Abstract: The principle of "common but differentiated responsibility", a key concept of the United Nations Framework Convention on Climate Change (UNFCCC), acknowledges the conditions for a generally acceptable and differentiated pricing mechanism on carbon emissions. With reference to this principle, carbon price determination has become one of the necessary instruments to limit global warming to a maximum of 2 °C. In this article, we propose the allocation of a carbon price per country based on the Human Development Index (HDI) and 0 2 emissions per capita. We demonstrate that under a multilateral framework, the price of carbon would be fixed according to a reference price depending on the HDI and 0 2 emissions. For example, if a country emits more than the amount allocated to its HDI level, it will have to pay a higher price than the established reference price, and vice versa. Reference prices as functions of HDIs and emissions will be estimated based on a trajectory to reach the target goal of reducing carbon dioxide emissions. A key element of our proposed scheme is that it generates national revenue allowing high-emitting countries a rapid decarbonization and developing countries (with generally lower emissions) accelerated development and early implementation of green infrastructures. Our research goal is related to documenting the benefits of a differentiated and progressive carbon pricing mechanism to ease intergovernmental cooperation.
    Keywords: carbon,climate,price,market,tax
    Date: 2020–05–20
  15. By: Fabian St\"ockl; Wolf-Peter Schill; Alexander Zerrahn
    Abstract: Green hydrogen can decarbonize transportation, but also help to integrate variable renewable energy sources if its production is sufficiently flexible in time. Using an open-source co-optimization model of the power sector and four supply chains for hydrogen at filling stations, we find a trade-off between energy efficiency and temporal flexibility: for lower shares of renewables and hydrogen, more energy-efficient decentralized electrolysis is optimal. For higher shares of renewables and/or hydrogen, more flexible centralized hydrogen supply chains gain importance as they allow disentangling hydrogen production from demand via storage. Liquid hydrogen emerges as particularly beneficial, followed by liquid organic hydrogen carriers and gaseous hydrogen. Centralized hydrogen supply chains can deliver substantial power sector co-benefits, mainly through reduced renewable surplus generation. Energy modelers and system planners should consider the flexibility characteristics of hydrogen supply chains in more detail when assessing the role of green hydrogen in future energy transition scenarios.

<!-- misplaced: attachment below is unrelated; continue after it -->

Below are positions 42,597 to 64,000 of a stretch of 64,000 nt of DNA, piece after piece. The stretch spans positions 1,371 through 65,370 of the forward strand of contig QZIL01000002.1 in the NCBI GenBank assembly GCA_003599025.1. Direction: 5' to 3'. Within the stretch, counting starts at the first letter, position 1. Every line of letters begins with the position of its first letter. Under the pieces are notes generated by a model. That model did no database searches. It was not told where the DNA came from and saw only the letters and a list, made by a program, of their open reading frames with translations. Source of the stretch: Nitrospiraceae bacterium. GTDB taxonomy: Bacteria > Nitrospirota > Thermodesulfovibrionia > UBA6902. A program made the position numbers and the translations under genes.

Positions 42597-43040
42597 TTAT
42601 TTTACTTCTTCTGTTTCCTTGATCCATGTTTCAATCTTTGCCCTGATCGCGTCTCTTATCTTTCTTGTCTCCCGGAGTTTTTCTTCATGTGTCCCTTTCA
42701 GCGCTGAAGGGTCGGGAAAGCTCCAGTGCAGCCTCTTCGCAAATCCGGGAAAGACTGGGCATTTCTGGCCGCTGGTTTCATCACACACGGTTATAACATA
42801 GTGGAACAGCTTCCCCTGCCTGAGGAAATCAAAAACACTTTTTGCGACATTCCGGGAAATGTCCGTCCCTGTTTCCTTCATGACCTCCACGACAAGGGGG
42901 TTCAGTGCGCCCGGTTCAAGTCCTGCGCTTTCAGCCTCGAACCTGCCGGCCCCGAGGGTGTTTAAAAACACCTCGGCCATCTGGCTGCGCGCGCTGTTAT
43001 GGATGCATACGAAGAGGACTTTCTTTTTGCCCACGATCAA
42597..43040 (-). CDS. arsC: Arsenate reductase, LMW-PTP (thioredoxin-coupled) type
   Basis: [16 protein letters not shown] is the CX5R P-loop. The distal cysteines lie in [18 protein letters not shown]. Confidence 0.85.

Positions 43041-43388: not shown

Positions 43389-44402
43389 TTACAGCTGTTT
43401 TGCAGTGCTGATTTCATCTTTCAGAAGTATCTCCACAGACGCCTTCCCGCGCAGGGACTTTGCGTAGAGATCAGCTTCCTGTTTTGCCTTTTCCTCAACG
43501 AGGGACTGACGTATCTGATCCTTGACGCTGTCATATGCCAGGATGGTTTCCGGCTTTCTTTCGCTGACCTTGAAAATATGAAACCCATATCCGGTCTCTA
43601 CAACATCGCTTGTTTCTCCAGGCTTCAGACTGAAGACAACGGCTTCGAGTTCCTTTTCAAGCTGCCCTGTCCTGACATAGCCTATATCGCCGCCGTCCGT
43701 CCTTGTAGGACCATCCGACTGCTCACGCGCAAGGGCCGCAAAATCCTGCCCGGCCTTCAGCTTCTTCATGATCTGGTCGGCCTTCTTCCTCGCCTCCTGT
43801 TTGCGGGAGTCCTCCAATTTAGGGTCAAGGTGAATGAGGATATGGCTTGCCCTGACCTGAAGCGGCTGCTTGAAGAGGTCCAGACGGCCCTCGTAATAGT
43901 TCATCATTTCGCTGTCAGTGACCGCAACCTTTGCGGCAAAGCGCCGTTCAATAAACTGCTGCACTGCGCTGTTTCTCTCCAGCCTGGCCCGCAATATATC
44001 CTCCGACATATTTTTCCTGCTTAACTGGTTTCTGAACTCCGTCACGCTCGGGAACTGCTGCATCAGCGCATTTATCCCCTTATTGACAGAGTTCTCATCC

Date: 2020–04
  16. By: Shiro Takeda (Kyoto Sangyo University, Motoyama, Kamigamo, Kita-Ku, Kyoto City, 603-8555, Japan. Research Institute for Environmental Economics and Management (RIEEM), Waseda University, 1?6?1 Nishiwaseda, Shinjuku-ku, Tokyo 169?8050, Japan.); Toshi H. Arimura (Faculty of Political Science and Economics & Research Institute for Environmental Economics and Management (RIEEM), Waseda University, 1-6-1 Nishiwaseda, Shinjuku-ku, Tokyo, 169-8050, Japan.)
    Abstract: The Japanese government plans to reduce greenhouse gas emissions by 80% by 2050. However, it is not yet clear which policy measures the government will adopt to achieve this goal. In this regard, environmental tax reform, which is the combination of carbon regulation and the reduction of existing distortionary taxes, has attracted much attention. This paper examines the effects of environmental tax reform in Japan. Using a dynamic computable general equilibrium (CGE) model, we analyze the quantitative impacts of environmental tax reform and clarify which types of environmental tax reform are the most desirable. In the simulation, we introduce a carbon tax and consider the following five scenarios for the use of carbon tax revenue: 1) a lump-sum rebate to the household, 2) a cut in social security contributions, 3) a cut in income taxes, 4) a cut in corporate taxes and 5) a cut in consumption taxes. The first scenario is a pure carbon tax, and the other four scenarios are types of environmental tax reform. Our CGE simulation shows that environmental tax reform tends to generate more desirable impacts than the pure carbon tax by improving welfare or increasing GDP while reducing emissions (double dividend). In particular, we show that a cut in corporate taxes leads to the most desirable policy in terms of GDP and national income.
    Keywords: Carbon Tax; Environmental Tax Reform; Double Dividend; Computable General Equilibrium; Climate Change; Tax Interaction Effects; Paris Agreement
    JEL: Q54 Q58 C68 H23
    Date: 2020–06
  17. By: Sofronis Clerides; Styliani-Iris Krokida; Neophytos Lambertides; Dimitris Tsouknidis